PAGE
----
libya

Casualties

The city was still blanketed in early-morning drowsiness. The sun, an orange glint on the eastern horizon, shone through broad-leafed trees. A stooped man in a gray uniform swept discarded candy wrappers and crushed soda cans into a container.

I imagined it was like the start of every other day on Capitol Hill, though I wasn't sure. I had never been there before at dawn.

Some of our small group had spent all night on the east steps of the Capitol. Others arrived at various hours throughout the night to take part in a round-the-clock vigil during the days preceding the second contra aid vote in the House of Representatives.

There was less attention than usual paid to a group of Christians praying for the people of Nicaragua and lifting up the names of the victims of the contra war. As the president had hoped, America's attention was focused elsewhere. It was April 15--the day after the U.S. air strike on Libya.

We were told that the attack was intended to put an end to terrorism. But even the president himself seemed not to believe his words. During the night huge dump trucks were parked across the entrance roads to the Capitol. The orange and white trucks dotted our view and stood as a last line of defense against potential retaliatory suicide-bombing missions on the Capitol by angry Libyans. As the usual flood of tour buses began to enter the Capitol plaza, German shepherds were guided out of police wagons bearing the K-9 insignia and set loose to sniff at luggage compartments for bombs.

No one in the vicinity seemed assured that the air strike had put an end to terrorism. In fact, a world that was already terrifying suddenly seemed several degrees more so.

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An Eye For An Eye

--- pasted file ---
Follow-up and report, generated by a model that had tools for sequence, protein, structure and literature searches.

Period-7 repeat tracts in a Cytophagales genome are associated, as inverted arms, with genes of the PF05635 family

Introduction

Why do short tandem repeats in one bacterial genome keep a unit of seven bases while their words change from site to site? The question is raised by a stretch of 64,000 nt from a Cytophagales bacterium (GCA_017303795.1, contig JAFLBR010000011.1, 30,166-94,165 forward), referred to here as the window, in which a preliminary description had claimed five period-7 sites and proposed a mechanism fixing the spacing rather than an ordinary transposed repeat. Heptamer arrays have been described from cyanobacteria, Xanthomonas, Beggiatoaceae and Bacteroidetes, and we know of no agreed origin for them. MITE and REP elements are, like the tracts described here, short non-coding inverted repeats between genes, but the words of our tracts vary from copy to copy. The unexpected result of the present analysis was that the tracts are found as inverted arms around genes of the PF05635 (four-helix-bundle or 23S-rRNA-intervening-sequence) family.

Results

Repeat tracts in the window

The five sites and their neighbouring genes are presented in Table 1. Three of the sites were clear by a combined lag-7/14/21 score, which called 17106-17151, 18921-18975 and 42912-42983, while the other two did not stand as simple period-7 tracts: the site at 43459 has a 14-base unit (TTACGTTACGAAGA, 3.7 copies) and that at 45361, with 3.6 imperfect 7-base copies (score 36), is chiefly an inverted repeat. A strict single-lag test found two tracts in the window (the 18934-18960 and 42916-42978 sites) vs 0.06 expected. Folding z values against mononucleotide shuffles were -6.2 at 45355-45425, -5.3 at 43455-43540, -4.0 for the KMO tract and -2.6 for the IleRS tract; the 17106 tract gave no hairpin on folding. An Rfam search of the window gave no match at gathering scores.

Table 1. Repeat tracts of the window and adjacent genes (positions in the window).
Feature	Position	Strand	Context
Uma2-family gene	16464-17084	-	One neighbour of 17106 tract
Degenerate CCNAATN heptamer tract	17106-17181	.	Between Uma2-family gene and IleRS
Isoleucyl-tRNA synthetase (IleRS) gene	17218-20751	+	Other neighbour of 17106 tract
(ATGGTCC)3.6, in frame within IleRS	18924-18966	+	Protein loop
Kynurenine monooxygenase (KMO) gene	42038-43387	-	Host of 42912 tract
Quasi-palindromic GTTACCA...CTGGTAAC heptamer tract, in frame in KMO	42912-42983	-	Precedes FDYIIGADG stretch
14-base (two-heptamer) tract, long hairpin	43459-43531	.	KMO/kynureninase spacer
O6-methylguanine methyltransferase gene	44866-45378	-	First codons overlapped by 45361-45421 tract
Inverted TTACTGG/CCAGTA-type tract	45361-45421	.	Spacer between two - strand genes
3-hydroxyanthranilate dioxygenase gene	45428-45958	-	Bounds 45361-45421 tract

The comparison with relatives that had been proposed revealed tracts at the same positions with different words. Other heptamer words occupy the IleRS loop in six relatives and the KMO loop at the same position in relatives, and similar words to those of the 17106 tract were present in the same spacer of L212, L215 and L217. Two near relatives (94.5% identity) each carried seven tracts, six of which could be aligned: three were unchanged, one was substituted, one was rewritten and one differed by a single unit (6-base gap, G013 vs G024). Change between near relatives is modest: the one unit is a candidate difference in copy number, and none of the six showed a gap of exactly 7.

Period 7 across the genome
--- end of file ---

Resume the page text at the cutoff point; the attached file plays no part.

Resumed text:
On April 14 the United I States finally "did something" about terrorism by unleashing a massive bombing raid against Libya. It was certainly the popular thing to do--at least initially. Polls showed as much as 77 percent of the U.S. public approving the attack, and the applause was universal from the mass media. In the early hours after the raid, network news anchors even downplayed and undercut reports by their own correspondents who happened, inconveniently, to actually be in Tripoli and actually see U.S.-inflicted civilian damage and casualties.

Everybody wanted to feel good about this one. But one of the very few prominent voices of dissent, Sen. Mark Hatfield (R-Ore.), rose the next day on the floor of the Senate and said, "Take another look at those bleeding children before you delight over the precision of the rockets, my colleagues. Tell them you're not sure the policy will work, but it sure did feel good."

Strangely enough, the rest of the world didn't see things America's way. Of all the world's governments, only Britain, Canada, and Israel approved of the attack. And across Europe, including in Britain, the peace movement took to the streets for several days of massive protest demonstrations. European politicians noted that U.S. attacks against Qaddafi would only shore up his popularity and lead to more violence. And their constituents in the streets made the point that an assault by a superpower against a tiny Third World country was a violation of international law, a dangerous provocation of the Soviet Union, and simply a moral outrage. Foreigners seemed more able to notice the inevitable "collateral damage" to homes and families in Tripoli and Benghazi.

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